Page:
(7) has been placed for adoption or care in violation of law;
(8) is without proper parental care because of the emotional, mental, or physical disability, or state of immaturity of the child's parent, guardian, or other custodian;
(9) is one whose behavior, condition, or environment is such as to be injurious or dangerous to the child or others. An injurious or dangerous environment may include, but is not limited to, the exposure of a child to criminal activity in the child's home;
(10) is experiencing growth delays, which may be referred to as failure to thrive, that have been diagnosed by a physician and are due to parental neglect;
(11) has engaged in prostitution as defined in section 609.321, subdivision 9;
(12) has committed a delinquent act or a juvenile petty offense before becoming ten years old;
(13) is a runaway;
(14) is a habitual truant;
(15) has been found incompetent to proceed or has been found not guilty by reason of mental illness or mental deficiency in connection with a delinquency proceeding, a certification under section 260B.125, an extended jurisdiction juvenile prosecution, or a proceeding involving a juvenile petty offense; or
(16) has been found by the court to have committed domestic abuse perpetrated by a minor under Laws 1997, chapter 239, article 10, sections 2 to 26, has been ordered excluded from the child's parent's home by an order for protection/minor respondent, and the parent or guardian is either unwilling or unable to provide an alternative safe living arrangement for the child.
Subd. 8. Compelling reasons. "Compelling reasons" means an individualized determination by the responsible social services agency, which is approved by the court, related to a request by the agency not to initiate proceedings to terminate parental rights or transfer permanent legal and physical custody of a child to the child's relative or former noncustodial parent under section 260C.301, subdivision 3.
Subd. 9. Court. "Court" means juvenile court unless otherwise specified in this section.
Subd. 10. Custodian. "Custodian" means any person who is under a legal obligation to provide care and support for a minor or who is in fact providing care and support for a minor. This subdivision does not impose upon persons who are not otherwise legally responsible for providing a child with necessary food, clothing, shelter, education, or medical care a duty to provide that care. For an Indian child, custodian means any Indian person who has legal custody of an Indian child under tribal law or custom or under state law or to whom temporary physical care, custody, and control has been transferred by the parent of the child, as provided in section 260.755, subdivision 10.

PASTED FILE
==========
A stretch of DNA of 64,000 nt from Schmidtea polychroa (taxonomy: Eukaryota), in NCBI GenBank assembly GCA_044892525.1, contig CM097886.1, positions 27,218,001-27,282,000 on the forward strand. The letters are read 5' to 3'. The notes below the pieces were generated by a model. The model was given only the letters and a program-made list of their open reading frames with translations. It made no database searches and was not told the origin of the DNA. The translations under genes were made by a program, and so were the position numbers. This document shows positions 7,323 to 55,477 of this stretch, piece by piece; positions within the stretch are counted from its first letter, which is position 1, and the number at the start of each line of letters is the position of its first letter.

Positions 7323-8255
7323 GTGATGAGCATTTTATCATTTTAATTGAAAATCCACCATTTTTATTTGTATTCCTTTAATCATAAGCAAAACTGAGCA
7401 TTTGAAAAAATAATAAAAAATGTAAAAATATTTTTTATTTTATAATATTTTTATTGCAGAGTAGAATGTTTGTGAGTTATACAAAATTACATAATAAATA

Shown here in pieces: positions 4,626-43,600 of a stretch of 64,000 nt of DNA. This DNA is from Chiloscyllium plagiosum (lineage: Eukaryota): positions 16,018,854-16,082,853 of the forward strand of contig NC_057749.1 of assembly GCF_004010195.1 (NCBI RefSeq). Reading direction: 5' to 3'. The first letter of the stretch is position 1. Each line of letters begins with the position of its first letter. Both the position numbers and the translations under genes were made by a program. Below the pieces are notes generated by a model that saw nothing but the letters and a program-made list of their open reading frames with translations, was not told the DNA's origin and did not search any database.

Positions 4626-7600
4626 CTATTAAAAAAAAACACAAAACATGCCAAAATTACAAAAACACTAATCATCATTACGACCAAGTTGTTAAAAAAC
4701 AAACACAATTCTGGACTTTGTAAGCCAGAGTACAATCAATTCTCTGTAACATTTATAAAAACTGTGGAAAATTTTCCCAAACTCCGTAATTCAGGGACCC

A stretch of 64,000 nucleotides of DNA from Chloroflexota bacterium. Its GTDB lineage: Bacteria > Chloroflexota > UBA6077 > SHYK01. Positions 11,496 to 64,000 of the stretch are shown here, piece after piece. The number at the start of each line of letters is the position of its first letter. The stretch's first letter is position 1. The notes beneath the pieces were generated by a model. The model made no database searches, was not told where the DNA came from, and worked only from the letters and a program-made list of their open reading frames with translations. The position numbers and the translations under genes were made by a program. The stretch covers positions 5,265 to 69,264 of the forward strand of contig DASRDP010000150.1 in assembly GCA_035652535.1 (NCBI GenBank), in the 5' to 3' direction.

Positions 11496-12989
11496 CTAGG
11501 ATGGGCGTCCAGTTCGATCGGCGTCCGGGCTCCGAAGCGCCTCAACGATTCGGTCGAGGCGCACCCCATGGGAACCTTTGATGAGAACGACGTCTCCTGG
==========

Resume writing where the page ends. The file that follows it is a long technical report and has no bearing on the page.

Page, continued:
Subd. 11. Delinquent child. "Delinquent child" means a child:
(1) who has violated any state or local law, except as provided in section 260B.225, subdivision 1, and except for juvenile offenders as described in subdivisions 19 and 28; or
(2) who has violated a federal law or a law of another state and whose case has been referred to the juvenile court if the violation would be an act of delinquency if committed in this state or a crime or offense if committed by an adult.
Subd. 13. Domestic child abuse. "Domestic child abuse" means:
(1) any physical injury to a minor family or household member inflicted by an adult family or household member other than by accidental means; or
(2) subjection of a minor family or household member by an adult family or household member to any act which constitutes a violation of sections 609.321 to 609.324, 609.342, 609.343, 609.344, 609.345, or 617.346.
Subd. 14. Egregious harm. "Egregious harm" means the infliction of bodily harm to a child or neglect of a child which demonstrates a grossly inadequate ability to provide minimally adequate parental care. The egregious harm need not have occurred in the state or in the county where a termination of parental rights action is otherwise properly venued. Egregious harm includes, but is not limited to:
(1) conduct towards a child that constitutes a violation of sections 609.185 to 609.21, 609.222, subdivision 2, 609.223, or any other similar law of any other state;
(2) the infliction of "substantial bodily harm" to a child, as defined in section 609.02, subdivision 7a;
(3) conduct towards a child that constitutes felony malicious punishment of a child under section 609.377;
(4) conduct towards a child that constitutes felony unreasonable restraint of a child under section 609.255, subdivision 3;
(5) conduct towards a child that constitutes felony neglect or endangerment of a child under section 609.378;
(6) conduct towards a child that constitutes assault under section 609.221, 609.222, or 609.223;
(7) conduct towards a child that constitutes solicitation, inducement, or promotion of, or receiving profit derived from prostitution under section 609.322;